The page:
Introduction to Hand Structure
*How-to videos at bottom of page.
Hand structure is added to a ski using hand tools to physically imprint structure patterns in the base. These structures are
(usually) a temporary complement to the permanent structure that stone grinding creates. Hand structure helps manage
moisture and reduce surface area contact in order to make the ski faster. Hand structure is typically added as a final layer
immediately before race time. There are many different hand structure tools and methods available, so there is no simple
and complete set of how-to instructions. It is smart to practice working with the tools on rock skis to get the feel for each
tool and how to use them effectively. Hand structures, with the exception of rills, usually rebound out of the base after
several passes with a hot iron—once you put hand structure in a ski, you’re stuck with it until it is ironed out. On race
day, this poses a challenge because you can’t test hand structures on top of each other. The rule of thumb is that each
structure is effectively permanent for that day on the snow.
Finding the Right Hand Structure
It’s possible to test two or three hand structure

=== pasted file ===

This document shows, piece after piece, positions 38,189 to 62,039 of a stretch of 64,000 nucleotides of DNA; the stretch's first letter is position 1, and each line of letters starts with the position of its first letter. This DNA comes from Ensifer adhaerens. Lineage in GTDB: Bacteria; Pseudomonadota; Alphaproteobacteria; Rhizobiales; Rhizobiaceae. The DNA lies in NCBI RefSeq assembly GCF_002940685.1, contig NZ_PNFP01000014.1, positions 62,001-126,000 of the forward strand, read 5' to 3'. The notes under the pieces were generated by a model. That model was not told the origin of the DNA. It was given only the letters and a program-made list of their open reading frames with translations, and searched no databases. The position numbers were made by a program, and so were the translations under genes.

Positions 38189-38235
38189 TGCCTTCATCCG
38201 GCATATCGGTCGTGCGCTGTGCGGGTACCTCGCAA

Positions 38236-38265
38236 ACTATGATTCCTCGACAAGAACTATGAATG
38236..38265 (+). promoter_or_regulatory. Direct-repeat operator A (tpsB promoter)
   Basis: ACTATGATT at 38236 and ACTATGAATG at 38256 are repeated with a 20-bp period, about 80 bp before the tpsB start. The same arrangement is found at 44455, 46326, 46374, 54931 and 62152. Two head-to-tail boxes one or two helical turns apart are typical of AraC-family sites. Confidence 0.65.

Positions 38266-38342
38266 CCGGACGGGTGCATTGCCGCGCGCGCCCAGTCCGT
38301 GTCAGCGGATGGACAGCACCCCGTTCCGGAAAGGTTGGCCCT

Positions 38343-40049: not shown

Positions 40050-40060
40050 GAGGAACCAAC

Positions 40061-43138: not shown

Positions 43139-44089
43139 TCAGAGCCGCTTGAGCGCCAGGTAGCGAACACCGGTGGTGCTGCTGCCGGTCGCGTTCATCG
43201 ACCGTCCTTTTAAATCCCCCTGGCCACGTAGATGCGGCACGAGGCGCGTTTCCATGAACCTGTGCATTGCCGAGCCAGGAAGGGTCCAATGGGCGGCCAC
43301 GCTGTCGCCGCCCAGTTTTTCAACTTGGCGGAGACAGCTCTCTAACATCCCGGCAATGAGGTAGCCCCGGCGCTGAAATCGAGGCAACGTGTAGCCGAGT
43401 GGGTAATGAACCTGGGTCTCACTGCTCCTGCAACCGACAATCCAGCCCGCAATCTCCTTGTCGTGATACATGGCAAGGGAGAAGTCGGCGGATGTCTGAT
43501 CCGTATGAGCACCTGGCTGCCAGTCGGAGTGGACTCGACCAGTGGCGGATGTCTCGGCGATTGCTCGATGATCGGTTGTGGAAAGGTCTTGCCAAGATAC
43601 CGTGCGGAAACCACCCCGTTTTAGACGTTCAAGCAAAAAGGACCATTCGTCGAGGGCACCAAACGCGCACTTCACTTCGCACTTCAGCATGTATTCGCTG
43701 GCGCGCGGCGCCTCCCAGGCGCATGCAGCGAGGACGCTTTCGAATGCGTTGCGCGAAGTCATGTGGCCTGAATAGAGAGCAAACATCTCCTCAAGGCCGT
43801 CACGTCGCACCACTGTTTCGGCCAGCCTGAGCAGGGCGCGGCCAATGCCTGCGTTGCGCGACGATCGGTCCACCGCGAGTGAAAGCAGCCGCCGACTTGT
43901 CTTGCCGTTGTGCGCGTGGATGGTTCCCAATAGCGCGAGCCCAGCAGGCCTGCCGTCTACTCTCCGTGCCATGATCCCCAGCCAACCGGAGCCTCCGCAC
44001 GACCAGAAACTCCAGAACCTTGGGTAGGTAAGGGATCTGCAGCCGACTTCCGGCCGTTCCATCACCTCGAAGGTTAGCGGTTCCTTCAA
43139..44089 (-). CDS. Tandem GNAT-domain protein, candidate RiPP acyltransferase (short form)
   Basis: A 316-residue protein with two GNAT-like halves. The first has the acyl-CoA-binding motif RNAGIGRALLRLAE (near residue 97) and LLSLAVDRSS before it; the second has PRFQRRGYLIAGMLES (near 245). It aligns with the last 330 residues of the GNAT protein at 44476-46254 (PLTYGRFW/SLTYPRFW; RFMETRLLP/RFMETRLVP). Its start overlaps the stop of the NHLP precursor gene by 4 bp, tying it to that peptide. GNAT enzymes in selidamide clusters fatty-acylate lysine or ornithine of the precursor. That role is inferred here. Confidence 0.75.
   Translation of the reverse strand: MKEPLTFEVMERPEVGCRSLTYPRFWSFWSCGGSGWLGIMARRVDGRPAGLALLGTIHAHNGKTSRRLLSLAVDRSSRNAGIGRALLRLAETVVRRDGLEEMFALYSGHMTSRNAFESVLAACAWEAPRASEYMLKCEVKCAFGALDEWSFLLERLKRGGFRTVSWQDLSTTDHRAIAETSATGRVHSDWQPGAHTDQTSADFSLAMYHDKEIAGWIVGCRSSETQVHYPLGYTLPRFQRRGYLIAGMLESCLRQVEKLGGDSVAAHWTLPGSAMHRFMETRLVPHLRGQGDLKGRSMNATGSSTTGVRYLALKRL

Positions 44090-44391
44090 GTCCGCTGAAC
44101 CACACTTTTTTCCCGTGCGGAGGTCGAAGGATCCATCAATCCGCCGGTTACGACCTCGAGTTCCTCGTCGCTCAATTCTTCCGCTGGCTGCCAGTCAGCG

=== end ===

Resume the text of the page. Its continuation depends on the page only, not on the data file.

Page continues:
modifications on a backup pair of race skis using
- Make a mild hand structure modification on one ski. Leave the other ski unmodified.
- If the modified ski is better, then make another slightly more aggressive modification on the other ski.
- If more structure seems to be better, it may be worth making a new modification to the first ski and making one more test, but you’re probably reaching the limit of what you can learn at this point.
- It’s important to think ahead about temperature changes and solar effect through the day. When in doubt, use a less aggressive structure in order to limit the potential for liability.
How to Apply Hand Structure
1. Prepare the ski by waxing. Typically this will involve base prep, paraffin layer(s) and possibly an ironed fluoro powder application.
2. Brush and polish the ski well.
3. Apply the hand structure in a single pass using firm, even pressure from tip to tail.
4. Lightly brush with a fine steel brush.
5. Apply a liquid or solid fluoro topcoat if desired.
6. Polish with a nylon brush.